Even most instructors who know A LOT about avoiding unintentional plagiarism look A LOT things up in a style guide or on the Purdue Owl website. That's why an in-class, closed book test on everything there is to know about plagiarism and MLA format would be absurd. You will have an assessment on the most important principles to remember -- but not on the picky details that you can look up as well as anyone else. If you don't master the principles, you could end up in some very serious trouble, but you're not going to be writing a research paper in class under time pressure and need to have memorized what to do with commas or italics or parentheses.
Instead of a review on every nit-picky detail you could ever need to know about unintentional plagiarism and MLA format, you will review this lesson by participating in a discussion forum in which you share new things you learned, ideas you have found to be helpful in the past, ask questions about situations we may not have addressed, and help each other figure out how to address those questions.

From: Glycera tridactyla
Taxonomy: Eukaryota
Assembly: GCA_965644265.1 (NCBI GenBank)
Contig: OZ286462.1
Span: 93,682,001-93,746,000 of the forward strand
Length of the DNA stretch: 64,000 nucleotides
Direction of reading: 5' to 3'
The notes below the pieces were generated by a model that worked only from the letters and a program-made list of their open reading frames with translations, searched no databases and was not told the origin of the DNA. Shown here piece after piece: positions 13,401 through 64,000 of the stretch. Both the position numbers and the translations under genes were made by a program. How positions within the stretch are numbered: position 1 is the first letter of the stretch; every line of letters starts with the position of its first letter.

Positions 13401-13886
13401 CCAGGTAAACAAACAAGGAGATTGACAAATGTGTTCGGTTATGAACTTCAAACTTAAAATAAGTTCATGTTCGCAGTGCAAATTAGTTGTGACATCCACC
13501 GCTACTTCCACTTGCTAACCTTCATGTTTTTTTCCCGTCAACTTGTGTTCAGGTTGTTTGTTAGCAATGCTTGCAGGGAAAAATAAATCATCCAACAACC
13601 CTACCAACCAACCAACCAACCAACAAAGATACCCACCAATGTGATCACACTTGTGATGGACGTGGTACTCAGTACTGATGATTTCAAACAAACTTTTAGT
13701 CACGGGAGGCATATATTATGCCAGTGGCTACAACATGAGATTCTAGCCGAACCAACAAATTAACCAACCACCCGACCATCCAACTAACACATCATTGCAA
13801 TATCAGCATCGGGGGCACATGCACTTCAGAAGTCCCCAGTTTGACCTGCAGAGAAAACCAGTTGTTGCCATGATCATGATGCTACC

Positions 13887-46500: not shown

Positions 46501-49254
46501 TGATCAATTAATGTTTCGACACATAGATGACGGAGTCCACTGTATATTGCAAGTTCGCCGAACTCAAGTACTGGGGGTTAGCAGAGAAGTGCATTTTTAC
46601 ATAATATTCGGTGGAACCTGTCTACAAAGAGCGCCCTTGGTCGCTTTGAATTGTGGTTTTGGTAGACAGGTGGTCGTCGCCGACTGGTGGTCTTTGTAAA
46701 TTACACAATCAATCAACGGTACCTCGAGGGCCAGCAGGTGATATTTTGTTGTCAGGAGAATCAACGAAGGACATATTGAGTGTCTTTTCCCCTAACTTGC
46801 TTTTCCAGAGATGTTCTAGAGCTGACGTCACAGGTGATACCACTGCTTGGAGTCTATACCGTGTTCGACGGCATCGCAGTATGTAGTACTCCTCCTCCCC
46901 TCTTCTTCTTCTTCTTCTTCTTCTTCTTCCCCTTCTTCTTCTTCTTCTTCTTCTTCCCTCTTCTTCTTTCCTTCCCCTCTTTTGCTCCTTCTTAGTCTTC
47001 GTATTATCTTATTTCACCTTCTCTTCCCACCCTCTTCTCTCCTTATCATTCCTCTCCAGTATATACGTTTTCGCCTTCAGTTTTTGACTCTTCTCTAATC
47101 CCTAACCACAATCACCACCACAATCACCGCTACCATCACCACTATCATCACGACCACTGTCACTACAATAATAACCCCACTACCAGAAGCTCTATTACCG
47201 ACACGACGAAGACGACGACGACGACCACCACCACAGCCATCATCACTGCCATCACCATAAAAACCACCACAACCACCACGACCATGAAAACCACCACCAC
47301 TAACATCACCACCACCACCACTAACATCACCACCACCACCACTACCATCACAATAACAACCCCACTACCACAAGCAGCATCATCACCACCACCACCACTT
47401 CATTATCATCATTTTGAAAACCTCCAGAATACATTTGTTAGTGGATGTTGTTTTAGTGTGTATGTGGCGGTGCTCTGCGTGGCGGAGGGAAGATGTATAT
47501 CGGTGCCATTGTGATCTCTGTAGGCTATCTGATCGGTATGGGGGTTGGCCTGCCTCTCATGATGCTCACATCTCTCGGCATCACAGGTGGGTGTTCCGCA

In the first forum below, add at least three important principles you learned about avoiding unintentional plagiarism. If you have unanswered questions about avoiding plagiarism, use the second discussion forum. Then remember to check back to see if you can help answer someone else's question. The instructors of your class aren't the only people who know how to find answers to things that they may or may not have memorized either.
When you have had time to talk with others in the discussion forum, there are a few final tips to help you on the final quiz. Be sure to read them fully.